dr the ltt tit he In the shafLt -
a moonsinlag with tbem.
as By thre etdoek she lastl*e
,or mo be in the Iwitue' h-a
Smod hm mdoigt stti shs time
b awrpper oiLs ht ts editaal
ag' partmeet is ln a state of awvero s
tensity and activity for which I can
imagine no parallel.
The smoke from the cigars sad
pipes rolled up to the eliling; and
pens spread over the pars of men.
uscript paper. The writers bent t0
their work with tremendous earn.
estoees and ooseeotration; tihers was
not one of them who bad writtes lie
than a column of matter that night,
and some were elosalg two or tbel
column articles, which eotalaod
nearly as many words as five pages
of Harper's Magazlne. Tbpy wree
pale and carewora. One of them
was heading and sob heading eabto
dispatches from the eat of war,
another was writidg editorial pare.
graphs on the very important telt.
graphic news that canto in, another
was damning a new play in Iruldent
prose, another was revising a thrill.
ing account of a murder, anothe
was transcribing his stenographic
notes of a speeob on the iiflation of
the currency, another was putting
the finishing touches upon a well
considered arthile criticising a de.
bate in the French Assembly, nad
another was absorbed in the desertip
tion of a yacht race. The little ti
box in the asbaft bountced up and
down more frequently, and the aight
editor became more Uervous and i.
perative than ever, as the ingers of
the big clock on the wall went be.
yond two. The leges of noen.
seript were at up one by one, and
long, moist prooflsheets eame
down from the composing room.
Then cutting down began,
and some of the writewrsaw articles
that had cost them hours of research
annihilated by the stroke of a pen,
or reduced from columnus to
paragraphs, not oin account of
nnimportance, but simply bleeyst
there is always a superfluity of mat.
ter, contrary to the erroneouts notion
that thi6 editor's great dicullty is to
fil his space; and in some instances
even thte paragraphs were finally o.
mitted to make room for unexpected
news that arrived later. Telegrams
were still coming in at half.past two,
but soon after that hour one dia
patch brought the words "good
night", and that meant the clesing.
The night editor and his assistant
now disappeared into the compos
ing rooms, where they remained to
superintend the making up of the
forms; and the men at the desks
prepared to leave, or threw them.
selves back in their chairs for "
chat and some more smoke.
The IMatrimonial Lottery.
larper'. Magazulne.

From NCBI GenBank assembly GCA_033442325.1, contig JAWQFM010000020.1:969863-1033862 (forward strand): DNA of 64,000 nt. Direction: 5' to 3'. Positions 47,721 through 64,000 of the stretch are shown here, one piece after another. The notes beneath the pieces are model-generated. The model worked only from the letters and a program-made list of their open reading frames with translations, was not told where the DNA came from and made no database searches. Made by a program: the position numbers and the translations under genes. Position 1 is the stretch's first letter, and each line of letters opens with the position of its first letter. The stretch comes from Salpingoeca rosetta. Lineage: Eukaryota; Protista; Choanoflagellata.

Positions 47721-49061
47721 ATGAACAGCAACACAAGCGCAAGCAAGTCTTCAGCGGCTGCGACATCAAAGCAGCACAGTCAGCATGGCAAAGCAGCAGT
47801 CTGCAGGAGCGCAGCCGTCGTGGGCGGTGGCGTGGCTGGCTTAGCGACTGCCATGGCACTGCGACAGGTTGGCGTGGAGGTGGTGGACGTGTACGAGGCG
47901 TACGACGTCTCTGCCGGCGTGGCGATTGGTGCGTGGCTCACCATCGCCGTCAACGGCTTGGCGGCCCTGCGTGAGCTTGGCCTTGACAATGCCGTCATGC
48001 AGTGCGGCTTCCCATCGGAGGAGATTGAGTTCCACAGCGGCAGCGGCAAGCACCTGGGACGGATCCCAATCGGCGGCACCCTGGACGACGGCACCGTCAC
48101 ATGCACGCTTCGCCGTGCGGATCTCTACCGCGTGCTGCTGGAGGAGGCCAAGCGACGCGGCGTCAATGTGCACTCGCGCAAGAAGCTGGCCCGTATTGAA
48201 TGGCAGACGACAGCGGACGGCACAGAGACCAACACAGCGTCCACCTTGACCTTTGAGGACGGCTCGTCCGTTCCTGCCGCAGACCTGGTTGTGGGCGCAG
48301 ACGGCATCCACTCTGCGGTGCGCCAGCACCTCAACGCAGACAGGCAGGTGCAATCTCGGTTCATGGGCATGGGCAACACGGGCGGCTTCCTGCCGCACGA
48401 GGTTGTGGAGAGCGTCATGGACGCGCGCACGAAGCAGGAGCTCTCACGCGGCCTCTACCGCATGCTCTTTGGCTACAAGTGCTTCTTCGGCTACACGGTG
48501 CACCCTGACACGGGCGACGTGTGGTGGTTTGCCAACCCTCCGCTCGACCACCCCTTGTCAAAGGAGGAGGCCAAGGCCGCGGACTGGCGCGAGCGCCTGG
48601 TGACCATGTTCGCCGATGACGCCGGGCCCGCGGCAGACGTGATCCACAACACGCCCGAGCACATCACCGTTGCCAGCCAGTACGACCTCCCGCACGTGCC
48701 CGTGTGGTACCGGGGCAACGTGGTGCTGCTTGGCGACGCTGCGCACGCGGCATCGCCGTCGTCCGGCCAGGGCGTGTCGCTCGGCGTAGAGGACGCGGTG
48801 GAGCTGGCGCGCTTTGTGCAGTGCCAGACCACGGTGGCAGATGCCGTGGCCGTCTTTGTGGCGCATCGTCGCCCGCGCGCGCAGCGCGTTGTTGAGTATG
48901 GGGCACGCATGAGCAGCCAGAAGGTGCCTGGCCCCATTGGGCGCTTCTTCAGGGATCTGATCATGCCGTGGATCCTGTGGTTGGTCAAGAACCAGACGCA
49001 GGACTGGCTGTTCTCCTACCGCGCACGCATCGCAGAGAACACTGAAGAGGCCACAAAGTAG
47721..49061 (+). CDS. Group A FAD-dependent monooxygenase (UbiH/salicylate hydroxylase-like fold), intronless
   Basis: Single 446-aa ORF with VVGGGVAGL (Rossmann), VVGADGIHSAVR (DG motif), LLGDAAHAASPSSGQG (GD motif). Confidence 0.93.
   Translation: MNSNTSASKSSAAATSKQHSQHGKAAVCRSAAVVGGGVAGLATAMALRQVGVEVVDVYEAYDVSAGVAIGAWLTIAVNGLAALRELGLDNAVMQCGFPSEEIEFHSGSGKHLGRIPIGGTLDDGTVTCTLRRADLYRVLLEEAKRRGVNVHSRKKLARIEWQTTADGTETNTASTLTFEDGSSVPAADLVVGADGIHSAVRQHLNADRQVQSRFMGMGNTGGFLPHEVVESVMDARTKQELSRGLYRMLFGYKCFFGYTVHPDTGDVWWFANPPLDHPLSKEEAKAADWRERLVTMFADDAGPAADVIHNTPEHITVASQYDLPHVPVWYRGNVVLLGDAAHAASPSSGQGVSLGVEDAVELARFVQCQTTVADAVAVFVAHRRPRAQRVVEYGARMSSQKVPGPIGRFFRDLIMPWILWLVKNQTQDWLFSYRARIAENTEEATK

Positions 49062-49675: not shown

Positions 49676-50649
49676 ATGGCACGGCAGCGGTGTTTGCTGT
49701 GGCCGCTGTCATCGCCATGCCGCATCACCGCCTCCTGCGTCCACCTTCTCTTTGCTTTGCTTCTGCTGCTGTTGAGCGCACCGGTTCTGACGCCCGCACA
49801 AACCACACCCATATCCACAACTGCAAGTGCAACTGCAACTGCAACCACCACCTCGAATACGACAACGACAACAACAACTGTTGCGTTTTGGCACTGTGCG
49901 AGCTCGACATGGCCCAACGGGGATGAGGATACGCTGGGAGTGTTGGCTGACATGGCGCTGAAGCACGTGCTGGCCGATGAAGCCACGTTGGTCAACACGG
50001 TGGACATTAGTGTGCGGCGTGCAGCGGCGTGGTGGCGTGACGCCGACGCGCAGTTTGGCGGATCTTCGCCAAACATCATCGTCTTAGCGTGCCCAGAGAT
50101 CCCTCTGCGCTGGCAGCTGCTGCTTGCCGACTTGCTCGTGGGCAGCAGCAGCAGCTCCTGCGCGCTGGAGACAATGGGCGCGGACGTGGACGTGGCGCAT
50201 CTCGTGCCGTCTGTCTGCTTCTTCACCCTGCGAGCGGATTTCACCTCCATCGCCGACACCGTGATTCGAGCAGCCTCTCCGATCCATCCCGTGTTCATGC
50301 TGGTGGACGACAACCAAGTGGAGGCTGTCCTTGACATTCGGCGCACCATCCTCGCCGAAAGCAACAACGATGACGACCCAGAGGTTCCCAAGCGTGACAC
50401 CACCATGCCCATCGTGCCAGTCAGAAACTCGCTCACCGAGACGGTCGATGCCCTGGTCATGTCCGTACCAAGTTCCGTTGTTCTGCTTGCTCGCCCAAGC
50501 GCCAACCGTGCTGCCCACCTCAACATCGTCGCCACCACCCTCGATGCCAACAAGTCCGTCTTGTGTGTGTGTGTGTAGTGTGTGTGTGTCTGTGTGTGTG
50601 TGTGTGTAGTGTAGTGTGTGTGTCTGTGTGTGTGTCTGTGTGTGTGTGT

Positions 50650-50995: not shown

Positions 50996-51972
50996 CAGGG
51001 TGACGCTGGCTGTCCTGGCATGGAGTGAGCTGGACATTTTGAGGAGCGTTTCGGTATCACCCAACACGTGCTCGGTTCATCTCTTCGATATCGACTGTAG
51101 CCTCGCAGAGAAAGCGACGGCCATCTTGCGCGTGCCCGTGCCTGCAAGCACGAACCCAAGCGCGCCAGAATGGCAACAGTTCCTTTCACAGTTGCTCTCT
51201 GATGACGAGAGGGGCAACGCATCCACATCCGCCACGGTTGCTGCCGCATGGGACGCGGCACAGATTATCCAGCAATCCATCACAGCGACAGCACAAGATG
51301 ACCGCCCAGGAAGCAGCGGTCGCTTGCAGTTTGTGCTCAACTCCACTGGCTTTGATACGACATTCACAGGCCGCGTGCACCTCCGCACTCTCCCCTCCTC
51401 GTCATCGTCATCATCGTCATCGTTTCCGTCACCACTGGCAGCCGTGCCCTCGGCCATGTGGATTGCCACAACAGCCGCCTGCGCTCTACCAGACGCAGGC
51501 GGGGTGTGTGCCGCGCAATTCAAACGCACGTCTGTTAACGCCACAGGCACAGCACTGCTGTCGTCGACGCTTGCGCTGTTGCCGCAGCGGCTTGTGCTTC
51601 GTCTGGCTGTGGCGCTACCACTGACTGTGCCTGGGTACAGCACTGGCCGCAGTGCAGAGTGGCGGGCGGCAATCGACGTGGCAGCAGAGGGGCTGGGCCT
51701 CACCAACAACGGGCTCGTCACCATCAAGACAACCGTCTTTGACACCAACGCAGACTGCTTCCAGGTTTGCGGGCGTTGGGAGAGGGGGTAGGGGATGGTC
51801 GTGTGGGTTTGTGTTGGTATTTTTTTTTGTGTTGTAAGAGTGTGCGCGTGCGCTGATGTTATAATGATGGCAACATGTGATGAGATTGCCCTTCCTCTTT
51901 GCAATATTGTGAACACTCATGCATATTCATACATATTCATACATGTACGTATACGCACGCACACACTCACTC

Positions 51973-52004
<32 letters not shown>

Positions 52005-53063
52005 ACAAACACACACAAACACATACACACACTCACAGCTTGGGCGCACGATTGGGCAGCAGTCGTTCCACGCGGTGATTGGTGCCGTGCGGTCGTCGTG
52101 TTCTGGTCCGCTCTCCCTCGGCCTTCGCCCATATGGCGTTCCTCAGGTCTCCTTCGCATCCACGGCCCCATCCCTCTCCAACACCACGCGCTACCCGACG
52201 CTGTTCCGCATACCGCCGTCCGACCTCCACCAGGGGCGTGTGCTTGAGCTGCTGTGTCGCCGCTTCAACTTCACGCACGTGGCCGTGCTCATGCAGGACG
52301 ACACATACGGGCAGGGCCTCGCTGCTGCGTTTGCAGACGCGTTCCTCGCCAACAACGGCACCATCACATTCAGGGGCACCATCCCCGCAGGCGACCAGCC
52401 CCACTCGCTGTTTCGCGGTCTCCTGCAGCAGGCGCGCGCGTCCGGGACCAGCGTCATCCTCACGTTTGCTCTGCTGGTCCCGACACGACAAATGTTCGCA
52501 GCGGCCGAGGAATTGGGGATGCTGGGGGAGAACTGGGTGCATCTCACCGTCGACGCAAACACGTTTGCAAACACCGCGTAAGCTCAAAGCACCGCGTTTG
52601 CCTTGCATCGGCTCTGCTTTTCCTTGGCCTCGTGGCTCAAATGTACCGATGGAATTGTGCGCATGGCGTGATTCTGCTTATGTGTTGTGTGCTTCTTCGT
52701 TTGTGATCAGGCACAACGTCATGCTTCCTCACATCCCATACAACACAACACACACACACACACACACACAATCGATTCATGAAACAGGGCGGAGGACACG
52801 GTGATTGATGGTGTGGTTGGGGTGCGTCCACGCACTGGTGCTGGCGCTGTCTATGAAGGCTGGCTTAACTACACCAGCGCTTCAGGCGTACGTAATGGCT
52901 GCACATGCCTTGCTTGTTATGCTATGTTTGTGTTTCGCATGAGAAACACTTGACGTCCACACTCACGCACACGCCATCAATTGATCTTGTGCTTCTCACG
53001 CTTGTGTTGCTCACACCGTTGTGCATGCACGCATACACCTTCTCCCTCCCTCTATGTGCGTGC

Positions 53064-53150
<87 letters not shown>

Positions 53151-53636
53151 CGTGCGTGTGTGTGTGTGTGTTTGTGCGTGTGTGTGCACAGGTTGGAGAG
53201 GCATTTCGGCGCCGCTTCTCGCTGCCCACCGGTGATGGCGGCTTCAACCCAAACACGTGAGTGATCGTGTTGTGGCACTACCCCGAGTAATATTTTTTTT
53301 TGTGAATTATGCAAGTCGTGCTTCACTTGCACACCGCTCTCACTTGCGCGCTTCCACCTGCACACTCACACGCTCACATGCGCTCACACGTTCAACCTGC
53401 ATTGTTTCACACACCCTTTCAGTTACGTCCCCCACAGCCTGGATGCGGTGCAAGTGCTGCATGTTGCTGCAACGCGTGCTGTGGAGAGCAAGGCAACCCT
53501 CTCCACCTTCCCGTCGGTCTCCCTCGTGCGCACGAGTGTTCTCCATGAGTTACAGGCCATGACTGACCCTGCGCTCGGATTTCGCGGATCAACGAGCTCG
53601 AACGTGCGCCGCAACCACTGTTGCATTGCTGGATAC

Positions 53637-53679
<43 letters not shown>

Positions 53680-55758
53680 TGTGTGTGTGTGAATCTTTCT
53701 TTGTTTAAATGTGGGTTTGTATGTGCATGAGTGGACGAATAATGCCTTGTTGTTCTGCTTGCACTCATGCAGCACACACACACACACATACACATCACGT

A young stranger called on lr.
iMcC. one evening, while he was a
-pator in New York city, to engage
:sis services in the performance of
a nuptial ceremony.
"I wish to make a bargain with
Syou, D)octor," said the young omat.
I1 tlhink the girl I am to marry will
make a firstrnate ife. If you will
wait a year for your fee, and she
tlurns oat as I thintk she will, I'll
I then give you fifty dollars."
SThey agreed, the young couple
were married, and the incident
passed front the doctor's mind. At
the end of a year, at the same time
E in the erening, the young man
e called again. The doctor did not
it recognize him at first.
t "l)o yout not r member the bar.
f gain we made Then you married
a me a year ago?'
_ "Oh, yes," replied the doctor.
n "Well," said the youlg man "she
h is twice as good as I thought site
n was. There's one htndred dollars
o for you."
is Exactly opposite this is the fol
,. lowing:
A clergyman in one of the Ilud
a son river towns united a German
( couple in marriage. When the knot
6 was tied, the bridegroom said:
e "Domtinie, I've got no notaish, bat
SI'll send yon vro leetsle pig." It
te was done, and the clreunstanee
e, was forgotten by the clergyman.
le Two years afterward iwe tet the
a Geruman in another town for the
ra first time since the marriage eare
'.! mony was performed.
it, I "Dominie, aid the German, "you
e remembers you married me, antd I
gave you vou leetle pig"
•e "Yesa
I "Yell, if you'll inmarry me, I vill
m' give you two leetle pigs..
t I Timid Weslterner- "ow, the
to truth is I'm not oppoeed to payin
or them there bondholders in go
d I wish they had all the gold li the
a world. Just let them know one
nt. that we're willing to give them gold,
he ipad they'll immejitly usay they meet
of bare diamonds. As long as we ry
te. silver only, they'll be astlesed with
he gold. We've got to see u trns t
ofdoe' believe in tko hed i todd
s, Illirses e peeb mto raese
se as d that the
it them."